Source: Who is Dr ‘Gucci’ Grace Mugabe – The Standard November 19, 2017
WASHINGTON — The decision by embattled President Robert Mugabe to prepare his government for the days when he no longer rules has brought about the apparent end of that controversial rule itself.
The recent sacking of his vice-president was a seeming bid to pave the way for the 93-year-old Mugabe’s reviled wife to assume the presidency — setting up a dynastic succession — and likely prompted Zimbabwe’s military to finally step in.
Grace Mugabe’s political profile has soared in the past few years as the 52-year-old has positioned herself as her husband’s successor — even publicly challenging him earlier this year to officially name one.
She’s been dubbed “Gucci Grace” due to her extravagant spending and twice used diplomatic immunity as a shield from accusations of assaulting a British photographer in Hong Kong and whipping a South African model with an electrical cord.
Grace, however, was not always such a polarising, high-profile figure.
Born in Benoni, South Africa, Grace grew up in a dusty mining town to the east of Johannesburg — a town which also spawned actress Charlize Theron.
While married to an air force pilot, Grace met the much older president years ago when she served as a secretary in his office.
“He came to me and started asking about my family,” she told South African journalist Dali Tambo in 2013, in a rare interview. “He just started talking to me, asking me about my life. Were you married before, things like that…I didn’t know it was leading somewhere. I was quite a shy person, very shy.”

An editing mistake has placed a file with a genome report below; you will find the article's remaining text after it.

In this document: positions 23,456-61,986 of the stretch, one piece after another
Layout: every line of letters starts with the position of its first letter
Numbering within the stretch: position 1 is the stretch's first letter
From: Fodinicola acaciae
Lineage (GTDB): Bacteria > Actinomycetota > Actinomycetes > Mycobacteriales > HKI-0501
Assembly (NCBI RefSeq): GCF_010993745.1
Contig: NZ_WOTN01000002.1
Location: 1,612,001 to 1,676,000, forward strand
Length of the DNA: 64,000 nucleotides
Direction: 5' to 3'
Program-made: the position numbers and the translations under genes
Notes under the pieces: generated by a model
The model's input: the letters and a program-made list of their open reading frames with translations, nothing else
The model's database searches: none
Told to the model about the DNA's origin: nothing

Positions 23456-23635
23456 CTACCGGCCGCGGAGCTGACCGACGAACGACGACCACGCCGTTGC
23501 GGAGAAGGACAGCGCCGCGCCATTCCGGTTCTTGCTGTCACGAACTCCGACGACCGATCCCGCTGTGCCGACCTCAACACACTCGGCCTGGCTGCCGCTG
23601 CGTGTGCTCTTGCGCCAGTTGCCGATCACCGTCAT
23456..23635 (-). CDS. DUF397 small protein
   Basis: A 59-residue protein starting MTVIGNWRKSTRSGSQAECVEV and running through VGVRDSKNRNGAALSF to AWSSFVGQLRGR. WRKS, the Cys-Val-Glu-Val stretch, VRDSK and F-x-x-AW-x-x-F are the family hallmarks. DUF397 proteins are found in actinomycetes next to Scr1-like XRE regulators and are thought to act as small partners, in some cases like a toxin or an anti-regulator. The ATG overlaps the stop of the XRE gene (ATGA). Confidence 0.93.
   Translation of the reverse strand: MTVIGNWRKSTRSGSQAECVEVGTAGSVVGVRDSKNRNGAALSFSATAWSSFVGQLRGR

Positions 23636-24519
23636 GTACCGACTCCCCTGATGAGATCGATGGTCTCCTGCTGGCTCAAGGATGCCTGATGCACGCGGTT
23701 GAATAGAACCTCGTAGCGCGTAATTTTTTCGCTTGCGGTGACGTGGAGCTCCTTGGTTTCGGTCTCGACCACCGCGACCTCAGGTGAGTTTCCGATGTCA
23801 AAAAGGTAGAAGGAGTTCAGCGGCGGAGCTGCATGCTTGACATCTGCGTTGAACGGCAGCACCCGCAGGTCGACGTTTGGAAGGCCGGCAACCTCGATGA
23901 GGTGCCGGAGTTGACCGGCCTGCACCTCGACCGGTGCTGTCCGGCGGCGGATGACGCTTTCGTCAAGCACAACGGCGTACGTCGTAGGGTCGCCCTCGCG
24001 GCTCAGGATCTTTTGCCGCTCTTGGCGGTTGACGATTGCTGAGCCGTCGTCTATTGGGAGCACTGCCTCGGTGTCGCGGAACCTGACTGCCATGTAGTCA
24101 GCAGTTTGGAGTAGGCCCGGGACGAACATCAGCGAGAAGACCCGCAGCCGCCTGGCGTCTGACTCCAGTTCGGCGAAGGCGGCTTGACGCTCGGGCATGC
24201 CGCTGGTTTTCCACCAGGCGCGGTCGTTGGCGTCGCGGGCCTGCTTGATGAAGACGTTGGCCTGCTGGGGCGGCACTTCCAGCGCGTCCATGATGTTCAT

Despite the various obstacles before them — including a 41-year age gap and the fact that Mugabe was still married to his first wife, Sally — the president wooed his future wife over tea and scones.
“I felt a bit uncomfortable when he proposed to me since he was still married to Sally,” Grace said.
Sally, who was suffering from a terminal illness, died in 1992. Four years later, Mugabe and Grace married in an extravagant ceremony attended by 40 000 people — including former South African leader Nelson Mandela.
By the time of their wedding, the couple already had two children, and a third arrived a year later.
According to analysts, Grace seemed to struggle to emerge from the shadow left behind by the president’s first wife and mostly kept to herself. She focused primarily on her charity work and rarely got involved in politics herself.
Grace has also become a powerful businesswoman. While she has run several failed mining businesses, Grace built her own dairy farming empire on five farms previously owned by white Zimbabweans.
The former owners had been evicted from their lands during the country’s controversial “land reform” process.